CSPs are in a critical period of transformation right now. Omnipresent connectivity is driving new disruptive business models which are further driving up demands on the networks. Virtualization of appliances and systems is seen as a necessary step to add the agility to meet these increasing and evolving service demands. As vendors and CSPs are faced with building these virtualized systems, it’s imperative to look at the software engineering methodologies that the IT industry has successfully applied to challenges at comparable scale.
Microservices architecture has emerged over the last few years as a way to address these large scale engineering challenges. Already adopted by large organizations like Google, Amazon and Netflix, microservices provide an agile and cost-effective way for CSPs to build their services quicker and keep them running longer.
To better explore this topic, Volt Active Data teamed up with VanillaPlus to host a webinar titled “Microservices are Everywhere: What CSPs can Learn from IT”. We have reproduced some of the questions and answers below. For those that missed the webinar, you can view it here in its entirety.
Questions were voiced by George Malim of VanillaPlus, and answered by Volt Active Data’s Seeta Somagani and Analysys Mason’s John Abraham, with some comments from George. Their answers are prefaced with their name.
These answers have been edited for clarity and grammar.
Q1: Telcos in general love standards. Is there an initiative to define a consensus on what “cloud native” means when evaluating virtual network functions?
[John Abraham] I don’t think so. There is not a consensus yet. Operators are pushing a few NFV agendas to the architect, there are solutions from the cloud. A recent research report we did showed that a few operators are pushing for the development of their own cloud-native VNF. Proximus and Swisscom, to name a few, put out a call for NFV startups, to encourage cloud-native VNF development. It’s accepted that new tooling is required, but there’s no consensus yet on standards.
Q2: How can you architect microservices and avoid increased latency due to multiple services replacing a monolithic service?
[Seeta Somagani] That’s a good question. Instead of in-procedure calls to other modules, you are breaking services up into HTTP calls, which causes extra latency. This is where a highly-transactional database helps. All the data can be put in a central location, which helps correlate your requests, and creates a consistent location to look up your data. Instead of each service having its own datastore that does its own thing, using a central store helps in reducing latency.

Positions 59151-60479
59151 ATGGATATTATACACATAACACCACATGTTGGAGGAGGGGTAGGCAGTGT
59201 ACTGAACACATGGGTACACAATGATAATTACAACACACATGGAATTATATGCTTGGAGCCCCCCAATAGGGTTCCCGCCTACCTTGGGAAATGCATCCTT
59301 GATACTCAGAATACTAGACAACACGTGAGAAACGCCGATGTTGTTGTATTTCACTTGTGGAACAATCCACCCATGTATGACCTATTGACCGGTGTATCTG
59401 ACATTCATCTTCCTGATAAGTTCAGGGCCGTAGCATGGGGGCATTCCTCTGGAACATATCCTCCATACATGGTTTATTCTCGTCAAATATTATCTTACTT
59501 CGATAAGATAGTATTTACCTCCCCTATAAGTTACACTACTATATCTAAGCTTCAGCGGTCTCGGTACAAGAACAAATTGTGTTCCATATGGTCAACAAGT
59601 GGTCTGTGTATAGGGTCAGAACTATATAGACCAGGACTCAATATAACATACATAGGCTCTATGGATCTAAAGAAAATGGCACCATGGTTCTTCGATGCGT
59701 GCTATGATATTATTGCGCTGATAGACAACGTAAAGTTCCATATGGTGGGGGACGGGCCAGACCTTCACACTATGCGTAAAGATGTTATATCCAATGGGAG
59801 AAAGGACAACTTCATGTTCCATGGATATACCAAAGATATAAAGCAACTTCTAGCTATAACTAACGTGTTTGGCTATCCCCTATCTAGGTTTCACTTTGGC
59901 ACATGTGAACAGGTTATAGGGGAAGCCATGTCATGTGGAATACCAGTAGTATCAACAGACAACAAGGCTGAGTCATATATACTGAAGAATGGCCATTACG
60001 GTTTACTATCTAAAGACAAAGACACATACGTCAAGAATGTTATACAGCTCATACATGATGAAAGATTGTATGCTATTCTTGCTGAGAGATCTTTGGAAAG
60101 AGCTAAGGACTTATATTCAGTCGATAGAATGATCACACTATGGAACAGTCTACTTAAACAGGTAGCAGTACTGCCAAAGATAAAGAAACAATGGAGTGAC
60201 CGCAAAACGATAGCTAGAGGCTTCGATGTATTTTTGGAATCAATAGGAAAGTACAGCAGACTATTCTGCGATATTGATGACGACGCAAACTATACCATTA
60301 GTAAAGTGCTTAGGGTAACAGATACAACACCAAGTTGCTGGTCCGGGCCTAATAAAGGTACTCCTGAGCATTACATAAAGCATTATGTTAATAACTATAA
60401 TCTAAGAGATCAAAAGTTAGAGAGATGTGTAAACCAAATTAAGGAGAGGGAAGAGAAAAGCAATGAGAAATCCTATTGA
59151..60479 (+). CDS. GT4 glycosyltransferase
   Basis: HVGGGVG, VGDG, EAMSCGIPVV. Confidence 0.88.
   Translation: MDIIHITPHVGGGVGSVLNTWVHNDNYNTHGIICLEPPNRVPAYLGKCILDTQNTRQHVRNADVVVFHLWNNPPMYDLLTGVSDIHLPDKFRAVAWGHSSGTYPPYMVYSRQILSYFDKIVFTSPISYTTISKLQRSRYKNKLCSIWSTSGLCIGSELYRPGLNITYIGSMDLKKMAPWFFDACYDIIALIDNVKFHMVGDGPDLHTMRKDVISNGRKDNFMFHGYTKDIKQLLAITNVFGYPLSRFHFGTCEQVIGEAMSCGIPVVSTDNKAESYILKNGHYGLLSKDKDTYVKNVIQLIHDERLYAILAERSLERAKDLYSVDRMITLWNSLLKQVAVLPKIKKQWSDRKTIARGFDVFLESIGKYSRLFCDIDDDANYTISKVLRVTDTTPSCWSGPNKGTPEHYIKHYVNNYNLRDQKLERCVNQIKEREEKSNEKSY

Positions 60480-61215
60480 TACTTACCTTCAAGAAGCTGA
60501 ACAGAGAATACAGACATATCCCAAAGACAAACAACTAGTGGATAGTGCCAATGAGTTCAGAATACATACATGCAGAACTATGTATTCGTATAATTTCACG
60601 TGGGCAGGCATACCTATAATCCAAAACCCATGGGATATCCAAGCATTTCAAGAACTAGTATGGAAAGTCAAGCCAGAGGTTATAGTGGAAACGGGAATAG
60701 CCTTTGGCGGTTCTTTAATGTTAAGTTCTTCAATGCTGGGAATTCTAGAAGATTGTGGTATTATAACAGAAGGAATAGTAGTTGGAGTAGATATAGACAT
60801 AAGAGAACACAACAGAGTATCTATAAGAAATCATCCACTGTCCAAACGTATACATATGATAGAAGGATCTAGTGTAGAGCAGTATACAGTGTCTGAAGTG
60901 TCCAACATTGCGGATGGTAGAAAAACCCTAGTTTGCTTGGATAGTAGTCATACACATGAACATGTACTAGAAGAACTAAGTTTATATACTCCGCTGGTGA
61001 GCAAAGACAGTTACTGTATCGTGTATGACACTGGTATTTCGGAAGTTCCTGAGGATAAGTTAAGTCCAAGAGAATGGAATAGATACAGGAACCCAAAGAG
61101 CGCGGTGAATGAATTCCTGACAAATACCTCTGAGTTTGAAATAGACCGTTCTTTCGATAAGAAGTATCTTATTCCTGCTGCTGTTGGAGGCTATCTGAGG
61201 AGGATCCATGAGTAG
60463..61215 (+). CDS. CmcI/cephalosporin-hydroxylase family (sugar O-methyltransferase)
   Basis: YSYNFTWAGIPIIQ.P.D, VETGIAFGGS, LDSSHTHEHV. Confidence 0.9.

Q3: What do you think is the timeline for mainstream adoption of cloud-native technologies?
[John] I’ll answer that question from an operator’s perspective. I think mainstream adoption is at least 5 years out. That may seem like a long time, but with believers on one side, skeptics on the other, and hybrid users somewhere in the middle, mainstream adoption will come when the hybrid users jump on the bandwagon. I suspect it will take 4-5 years for us to get there.
[George Malim] The question here I guess is how you describe mainstream, and a very large chunk of that hybrid group is the tipping point.
[Seeta] That’s a good answer John, and I agree with George about the mainstream question. I think the maturity of the products available to Telcos is important, and I believe that there is one mature product out there. I would want to see more solutions in this area to say this is mainstream and the market is maturing. For timeline, I agree with John: 5 years.
[George] I want to dial in a bit closer, and instead of “mainstream”, when do you think more products will enter the market? Mid next year, or even as early as first quarter?
[Seeta] Nokia is ahead of the curve here, and we’re going into new markets in Asia, where new CSPs are looking to go into NFV. Nokia already has a cloud-native approach. With this customer perspective, I think next year cloud-native products will gain momentum.